Contactless Payment Technology Made Simple

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With the recent collaboration between VISA and Hudson Yards, a real estate development in New York City, the focus has shifted to a seamless and contactless payment method for its in-house residents. The development features 4,000 residences and over 100 retailers which will be a boost to VISA’s already 100 million-strong contactless card reach. One of the key focus areas of the development is to showcase the safety and convenience of contactless payments, however, for users, a little more awareness of the limitations will go a long way.

Keep It Closer

As the popularity of contactless payments increase, Belgian Bank KBC is at the forefront of safer and more convenient payment innovation. Their wearable tech comes in the form of rings and bracelets and makes it far simpler to pay on the go, as opposed to ruffling through a wallet or purse to get to a card. The wearable tech enters its pilot phase soon, with the test period scheduled for December 2018 through December 2019. There are 1,000 test devices and according to the bank, “Once we’ve launched this new method of payment commercially, all of the CBC and KBC Brussels customers will also be able to pay using wearables.”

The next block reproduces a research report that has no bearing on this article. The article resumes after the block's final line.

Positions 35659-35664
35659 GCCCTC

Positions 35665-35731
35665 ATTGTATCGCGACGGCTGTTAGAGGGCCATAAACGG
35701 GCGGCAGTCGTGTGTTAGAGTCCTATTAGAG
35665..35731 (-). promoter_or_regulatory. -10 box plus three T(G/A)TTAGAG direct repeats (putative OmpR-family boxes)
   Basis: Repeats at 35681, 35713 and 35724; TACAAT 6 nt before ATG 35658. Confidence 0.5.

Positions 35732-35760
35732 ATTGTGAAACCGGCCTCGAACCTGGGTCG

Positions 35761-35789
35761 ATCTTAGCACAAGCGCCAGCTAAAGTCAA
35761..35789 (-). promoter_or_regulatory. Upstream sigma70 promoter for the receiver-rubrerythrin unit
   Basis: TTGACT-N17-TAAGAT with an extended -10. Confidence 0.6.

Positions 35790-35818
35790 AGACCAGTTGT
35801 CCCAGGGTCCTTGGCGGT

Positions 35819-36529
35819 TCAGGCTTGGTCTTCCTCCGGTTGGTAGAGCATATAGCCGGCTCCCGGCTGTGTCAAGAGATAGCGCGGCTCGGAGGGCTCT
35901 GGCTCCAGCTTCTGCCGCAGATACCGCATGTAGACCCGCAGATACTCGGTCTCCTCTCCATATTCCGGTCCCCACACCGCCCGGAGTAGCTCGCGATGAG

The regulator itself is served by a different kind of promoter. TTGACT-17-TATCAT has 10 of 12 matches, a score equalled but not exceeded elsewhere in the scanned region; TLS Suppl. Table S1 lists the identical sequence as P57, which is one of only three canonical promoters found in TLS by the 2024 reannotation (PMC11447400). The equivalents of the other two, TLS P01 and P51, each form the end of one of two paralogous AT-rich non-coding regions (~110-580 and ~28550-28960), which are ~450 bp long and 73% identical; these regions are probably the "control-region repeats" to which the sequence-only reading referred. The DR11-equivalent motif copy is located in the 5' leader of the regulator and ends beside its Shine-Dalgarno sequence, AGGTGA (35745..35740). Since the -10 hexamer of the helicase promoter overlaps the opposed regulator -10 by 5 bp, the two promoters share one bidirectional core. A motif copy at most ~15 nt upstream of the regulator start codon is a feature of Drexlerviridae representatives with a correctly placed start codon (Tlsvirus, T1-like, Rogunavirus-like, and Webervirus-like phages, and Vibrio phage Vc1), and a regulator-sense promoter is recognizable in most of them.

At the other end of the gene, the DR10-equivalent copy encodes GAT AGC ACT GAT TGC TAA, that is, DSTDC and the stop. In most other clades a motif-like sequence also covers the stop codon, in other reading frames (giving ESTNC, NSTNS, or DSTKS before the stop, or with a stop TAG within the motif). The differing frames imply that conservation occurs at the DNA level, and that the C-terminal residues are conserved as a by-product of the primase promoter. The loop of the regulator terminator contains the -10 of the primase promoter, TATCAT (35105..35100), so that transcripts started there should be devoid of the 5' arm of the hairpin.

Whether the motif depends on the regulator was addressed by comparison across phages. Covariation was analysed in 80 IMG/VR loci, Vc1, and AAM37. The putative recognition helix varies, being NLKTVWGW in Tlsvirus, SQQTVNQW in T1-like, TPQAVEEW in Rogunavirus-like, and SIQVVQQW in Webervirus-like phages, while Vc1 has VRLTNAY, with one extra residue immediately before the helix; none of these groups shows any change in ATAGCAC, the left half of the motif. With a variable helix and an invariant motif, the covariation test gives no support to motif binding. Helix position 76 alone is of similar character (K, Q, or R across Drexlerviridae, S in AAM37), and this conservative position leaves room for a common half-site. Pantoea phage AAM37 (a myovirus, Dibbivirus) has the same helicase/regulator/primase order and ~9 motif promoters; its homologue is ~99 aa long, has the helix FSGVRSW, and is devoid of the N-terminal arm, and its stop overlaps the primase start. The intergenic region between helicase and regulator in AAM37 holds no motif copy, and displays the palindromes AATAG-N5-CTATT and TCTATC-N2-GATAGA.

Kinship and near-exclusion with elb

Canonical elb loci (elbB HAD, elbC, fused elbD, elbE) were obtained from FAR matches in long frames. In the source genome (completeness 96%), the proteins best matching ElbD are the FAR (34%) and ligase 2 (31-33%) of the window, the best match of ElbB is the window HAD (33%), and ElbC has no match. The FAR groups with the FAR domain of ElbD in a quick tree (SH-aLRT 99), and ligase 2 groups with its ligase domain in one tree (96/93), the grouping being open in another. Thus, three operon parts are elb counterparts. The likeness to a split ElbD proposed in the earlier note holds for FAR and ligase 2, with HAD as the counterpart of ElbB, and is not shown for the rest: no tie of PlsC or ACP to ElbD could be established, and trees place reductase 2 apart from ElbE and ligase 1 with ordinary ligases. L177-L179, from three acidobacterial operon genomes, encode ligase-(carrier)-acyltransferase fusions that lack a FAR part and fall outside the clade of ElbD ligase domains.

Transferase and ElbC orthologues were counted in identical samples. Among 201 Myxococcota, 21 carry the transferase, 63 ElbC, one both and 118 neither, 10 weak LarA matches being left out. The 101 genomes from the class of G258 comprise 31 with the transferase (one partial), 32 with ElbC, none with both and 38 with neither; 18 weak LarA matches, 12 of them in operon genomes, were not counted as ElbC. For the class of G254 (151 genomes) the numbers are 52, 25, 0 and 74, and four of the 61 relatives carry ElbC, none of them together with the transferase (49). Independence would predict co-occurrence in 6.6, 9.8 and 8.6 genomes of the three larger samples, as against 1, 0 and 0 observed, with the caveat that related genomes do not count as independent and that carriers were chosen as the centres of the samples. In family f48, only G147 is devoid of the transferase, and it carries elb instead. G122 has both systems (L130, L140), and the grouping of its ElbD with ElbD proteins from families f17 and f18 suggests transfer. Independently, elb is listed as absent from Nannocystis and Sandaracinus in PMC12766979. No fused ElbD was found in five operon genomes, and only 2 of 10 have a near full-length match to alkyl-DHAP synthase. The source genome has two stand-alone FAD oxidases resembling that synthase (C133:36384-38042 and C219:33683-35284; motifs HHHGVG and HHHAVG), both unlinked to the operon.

Know The Technology

Contactless payments alleviate one of the biggest safety concerns consumers may have when it comes to the technology, and that is that the information is not easily accessible. According to Everything But Stromboli, there are ways to keep data away from prying eyes and a removable storage device fits the bill. For contactless payments, this technology is also available in the form of Near Field Communications Devices (NFC). Many smart devices are equipped with this technology which means the information from the card can safely be stored on the phone. This means paying for purchases without even using the card.

Tap And Enjoy

In a recent press release, Mastercard revealed that their Mastercard Transit Solutions division is rolling out in over 150 cities across the globe. This technology makes it easier for commuters to pay their fare with contactless payment technology. Trains and buses are the first to receive the rollout which aims at streamlining the commuter’s journey. For Los Angeles, this is a big win considering there are over 200 bus lines in the city alone.

Los Angeles Metro users already have a glimpse of contactless technology as a smartphone app is said to revolutionize the way commuters pay for their train tickets. The app will integrate the number of passes and simply by having the smartphone on hand, commuters will be allowed to travel. One of the most exciting features of the app, according to Metro spokesperson Rick Jager, an incentivized scheme might also be on the cards for frequent travelers. With plans to discontinue the MetroCard system in the future, all plans for an easier payment integration are a welcome relief for commuters.

Major card companies, smartphone app designers, and a number of other corporates are on board to make contactless payments the way of the future.